PURPOSE OF THE STUDY.
To identify a potential genetic basis for isolated congenital asplenia.
Thirty-three patients from 23 kindreds with a history of congenital asplenia, including multiplex kindreds that suggested an autosomal dominant inheritance pattern.
Genomic DNA was initially obtained from at least 1 member of each kindred and subjected to whole exome sequencing followed by testing of remaining subjects.
Eighteen (55%) of the 33 subjects from 8 of the 21 kindreds were identified with 7 different heterozygous missense mutations of the gene encoding the ribosomal protein SA (RPSA). The mutations affect highly conserved nucleotides in mammals, vertebrates, and yeast and showed complete penetrance in that all individuals carrying the mutation had isolated congenital asplenia.
Heterozygous mutations in RPSA underlie all isolated congenital asplenia in the multiplex families studied (but not all subjects with isolated congenital asplenia). RPSA is involved in preribosomal processing, but its role in splenic development is unknown at this time. There were no other definable defects observed in these patients. Interestingly, another mutation affecting different ribosomal proteins has been characterized; Diamond-Blackfan anemia is associated with haploinsufficiency in multiple different ribosomal proteins (but not RPSA) and results in bone marrow failure as well as multiple developmental defects. However, in these patients, there is no evidence of splenic abnormalities, and the current study found no evidence of hematologic abnormalities (or developmental abnormalities) in the patients harboring the RPSA mutations.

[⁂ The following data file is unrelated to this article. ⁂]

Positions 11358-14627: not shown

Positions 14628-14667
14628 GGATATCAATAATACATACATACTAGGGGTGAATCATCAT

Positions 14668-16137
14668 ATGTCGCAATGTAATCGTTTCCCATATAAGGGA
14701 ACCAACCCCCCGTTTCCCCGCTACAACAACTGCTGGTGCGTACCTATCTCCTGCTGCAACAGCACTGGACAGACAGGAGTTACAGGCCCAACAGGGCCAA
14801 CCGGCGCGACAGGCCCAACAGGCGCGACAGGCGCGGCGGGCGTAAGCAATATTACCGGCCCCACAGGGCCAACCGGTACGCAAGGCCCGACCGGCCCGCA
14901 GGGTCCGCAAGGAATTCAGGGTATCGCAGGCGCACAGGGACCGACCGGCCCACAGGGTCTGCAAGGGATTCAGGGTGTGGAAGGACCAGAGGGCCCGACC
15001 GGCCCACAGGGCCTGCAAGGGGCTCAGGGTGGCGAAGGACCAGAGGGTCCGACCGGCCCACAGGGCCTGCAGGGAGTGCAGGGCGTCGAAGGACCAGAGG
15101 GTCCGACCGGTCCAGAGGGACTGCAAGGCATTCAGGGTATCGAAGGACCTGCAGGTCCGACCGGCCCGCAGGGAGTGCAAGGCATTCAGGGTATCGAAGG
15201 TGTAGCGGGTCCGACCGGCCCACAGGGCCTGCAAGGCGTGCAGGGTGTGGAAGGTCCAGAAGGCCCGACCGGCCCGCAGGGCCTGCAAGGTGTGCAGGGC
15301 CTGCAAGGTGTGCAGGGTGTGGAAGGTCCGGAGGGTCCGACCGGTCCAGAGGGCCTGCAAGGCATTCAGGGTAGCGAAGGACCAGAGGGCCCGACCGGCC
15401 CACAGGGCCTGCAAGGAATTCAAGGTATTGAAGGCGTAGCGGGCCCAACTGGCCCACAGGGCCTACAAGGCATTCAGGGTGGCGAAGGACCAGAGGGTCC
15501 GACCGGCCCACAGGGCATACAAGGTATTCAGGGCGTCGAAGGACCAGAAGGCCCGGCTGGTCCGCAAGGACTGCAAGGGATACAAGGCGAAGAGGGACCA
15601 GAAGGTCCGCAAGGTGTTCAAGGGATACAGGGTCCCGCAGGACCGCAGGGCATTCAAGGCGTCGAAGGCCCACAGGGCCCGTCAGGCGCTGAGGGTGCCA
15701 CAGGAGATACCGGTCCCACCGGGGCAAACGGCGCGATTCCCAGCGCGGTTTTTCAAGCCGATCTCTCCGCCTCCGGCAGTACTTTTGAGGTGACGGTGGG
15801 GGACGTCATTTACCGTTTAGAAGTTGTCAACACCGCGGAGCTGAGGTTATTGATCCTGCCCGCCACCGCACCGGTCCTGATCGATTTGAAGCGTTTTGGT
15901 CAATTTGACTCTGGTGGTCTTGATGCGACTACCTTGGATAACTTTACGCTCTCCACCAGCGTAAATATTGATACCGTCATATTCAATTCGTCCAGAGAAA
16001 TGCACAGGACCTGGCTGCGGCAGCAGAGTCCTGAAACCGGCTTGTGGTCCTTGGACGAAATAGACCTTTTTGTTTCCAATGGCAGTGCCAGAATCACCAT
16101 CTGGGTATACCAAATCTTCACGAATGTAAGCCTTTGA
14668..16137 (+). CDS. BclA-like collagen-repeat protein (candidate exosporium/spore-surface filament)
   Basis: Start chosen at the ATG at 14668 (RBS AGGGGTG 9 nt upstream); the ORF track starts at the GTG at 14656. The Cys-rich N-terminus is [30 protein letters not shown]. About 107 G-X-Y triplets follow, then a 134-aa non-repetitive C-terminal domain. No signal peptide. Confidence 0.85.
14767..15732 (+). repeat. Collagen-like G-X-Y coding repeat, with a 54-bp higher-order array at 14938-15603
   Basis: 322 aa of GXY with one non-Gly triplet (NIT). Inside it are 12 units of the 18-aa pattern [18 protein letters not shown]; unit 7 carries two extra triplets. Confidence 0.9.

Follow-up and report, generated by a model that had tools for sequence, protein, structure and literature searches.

The importance of this study is that many of these cases developed invasive bacterial infection early in childhood, most often involving Streptococcus pneumoniae (61%) with a high mortality rate (45%) (Mahaoudi N, et al. J Pediatr. 2011;158:142–148, 148.e1). Thus, isolated congenital asplenia has overlapping features with recently defined TLR defects (eg, MyD88, IRAK4 deficiency) in that both are associated with childhood invasive bacterial infections that have a high mortality rate. Consequently, any child with invasive bacterial infection should be evaluated for absence of a spleen (presence of Howell-Jolly bodies, directed imaging studies) as well as studied for other congenital immune defects associated with this clinical presentation. In view of the autosomal dominant transmission of some cases of isolated congenital asplenia, family members of an affected patient should also be evaluated for possible asplenia.
- Copyright © 2013 by the American Academy of Pediatrics